Health Highlights: May 20, 2020

Here are some of the latest health and medical news developments, compiled by the editors of HealthDay:

Sales of Johnson’s Baby Powder Halted in U.S., Canada

Lawsuits claiming that talc-based Johnson’s Baby Powder has caused cancer have led to a plunge in sales in the United States and Canada, so Johnson & Johnson said Tuesday it is ending sales of the product in those two countries.

The company said the talc-based powder is safe and will still be sold in other countries, the Associated Press reported.

About 19,400 lawsuits alleging that J&J’s talcum powder caused ovarian cancer or mesothelioma, a cancer that affects the lungs and other organs, have been launched against the company.

To date, J&J has won 12 cases, lost 15, and there have been seven mistrials. All of the lost cases have either been overturned on appeal or are still being appealed, the AP reported.


Annie Glenn, Widow of Astronaut John Glenn, Dies at Age 100

Annie Glenn, the wife of the first American to orbit the Earth, died Tuesday at age 100 due to complications of COVID-19.

After her husband John Glenn’s spaceflight in 1962, Annie Glenn tried to avoid media attention because she had a severe stutter. She went on to become an advocate for people with speech disorders, the Associated Press reported.

Annie Glenn died at a nursing home near St. Paul, Minn., said Hank Wilson, a spokesman for the Glenn College of Public Affairs at Ohio State University.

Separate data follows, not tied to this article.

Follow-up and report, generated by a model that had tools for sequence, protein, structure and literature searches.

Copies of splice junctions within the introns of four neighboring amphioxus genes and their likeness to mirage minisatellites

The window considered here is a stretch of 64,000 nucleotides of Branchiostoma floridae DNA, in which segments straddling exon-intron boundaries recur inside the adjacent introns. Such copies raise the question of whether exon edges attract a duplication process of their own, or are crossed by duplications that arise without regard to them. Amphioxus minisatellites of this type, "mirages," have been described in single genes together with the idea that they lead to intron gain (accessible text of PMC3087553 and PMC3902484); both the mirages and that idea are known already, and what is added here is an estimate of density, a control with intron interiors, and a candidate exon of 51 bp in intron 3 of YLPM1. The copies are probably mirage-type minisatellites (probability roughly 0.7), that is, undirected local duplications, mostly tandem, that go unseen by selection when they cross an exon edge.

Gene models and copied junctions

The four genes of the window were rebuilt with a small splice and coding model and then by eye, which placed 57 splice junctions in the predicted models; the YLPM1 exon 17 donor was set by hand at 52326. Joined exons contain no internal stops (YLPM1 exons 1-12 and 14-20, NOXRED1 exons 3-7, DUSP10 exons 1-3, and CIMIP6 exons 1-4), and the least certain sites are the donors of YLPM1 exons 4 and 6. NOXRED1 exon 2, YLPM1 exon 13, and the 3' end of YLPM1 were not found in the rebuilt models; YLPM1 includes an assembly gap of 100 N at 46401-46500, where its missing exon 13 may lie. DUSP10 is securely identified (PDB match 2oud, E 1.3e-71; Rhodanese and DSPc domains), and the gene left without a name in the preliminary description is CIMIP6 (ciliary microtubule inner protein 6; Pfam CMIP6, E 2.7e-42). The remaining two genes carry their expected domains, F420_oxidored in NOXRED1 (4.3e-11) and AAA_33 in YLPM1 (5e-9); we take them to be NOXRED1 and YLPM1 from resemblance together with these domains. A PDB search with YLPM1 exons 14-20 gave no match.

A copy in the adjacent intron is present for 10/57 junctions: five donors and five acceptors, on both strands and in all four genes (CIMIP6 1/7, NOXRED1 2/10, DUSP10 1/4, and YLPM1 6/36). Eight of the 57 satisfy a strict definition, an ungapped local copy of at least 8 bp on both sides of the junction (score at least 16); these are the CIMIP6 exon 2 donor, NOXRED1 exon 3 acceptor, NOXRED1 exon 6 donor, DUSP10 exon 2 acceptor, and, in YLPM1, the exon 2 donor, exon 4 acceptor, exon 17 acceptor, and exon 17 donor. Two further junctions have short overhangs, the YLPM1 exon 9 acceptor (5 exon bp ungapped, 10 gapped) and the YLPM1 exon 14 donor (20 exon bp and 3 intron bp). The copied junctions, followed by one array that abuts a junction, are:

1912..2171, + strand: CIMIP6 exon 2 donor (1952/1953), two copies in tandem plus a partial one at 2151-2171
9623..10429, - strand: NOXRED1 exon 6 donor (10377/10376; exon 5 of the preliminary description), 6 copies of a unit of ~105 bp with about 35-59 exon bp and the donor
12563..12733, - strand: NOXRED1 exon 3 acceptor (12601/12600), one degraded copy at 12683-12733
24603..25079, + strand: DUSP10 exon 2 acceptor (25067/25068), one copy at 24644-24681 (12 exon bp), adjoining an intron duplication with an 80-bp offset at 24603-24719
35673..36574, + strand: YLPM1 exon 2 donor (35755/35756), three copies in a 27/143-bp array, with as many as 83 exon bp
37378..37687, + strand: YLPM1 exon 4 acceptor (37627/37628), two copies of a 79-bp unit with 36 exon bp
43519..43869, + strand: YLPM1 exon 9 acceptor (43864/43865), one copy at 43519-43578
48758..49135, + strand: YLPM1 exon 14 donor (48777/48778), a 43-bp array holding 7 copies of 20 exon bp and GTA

“Annie will be remembered for her work to lift others up, including those who shared her struggles with communicative disorders,” U.S. Sen. Sherrod Brown, an Ohio Democrat, said in a statement, the AP reported.

John and Annie Glenn were married for 73 years. John Glenn died in 2016.


U.S. Births Hit 35-Year Low

The number of babies born in the United States in 2019 was the lowest in 35 years, the U.S. Centers for Disease Control and Prevention said Wednesday.

There were about 3.7 million births last year, about 1% lower than in 2018. Birth rates continued to fall among teens and women in their 20s, the AP reported.

With the exception of 2014, U.S. birth rates have declined every year since 2007.

The coronavirus pandemic and its economic damage could cause U.S. birth numbers to fall even further, according to some experts.

“This unpredictable environment, and anxiety about the future, is going to make women think twice about having children,” Dr. Denise Jamieson, chair of obstetrics and gynecology at Emory University in Atlanta, told the AP.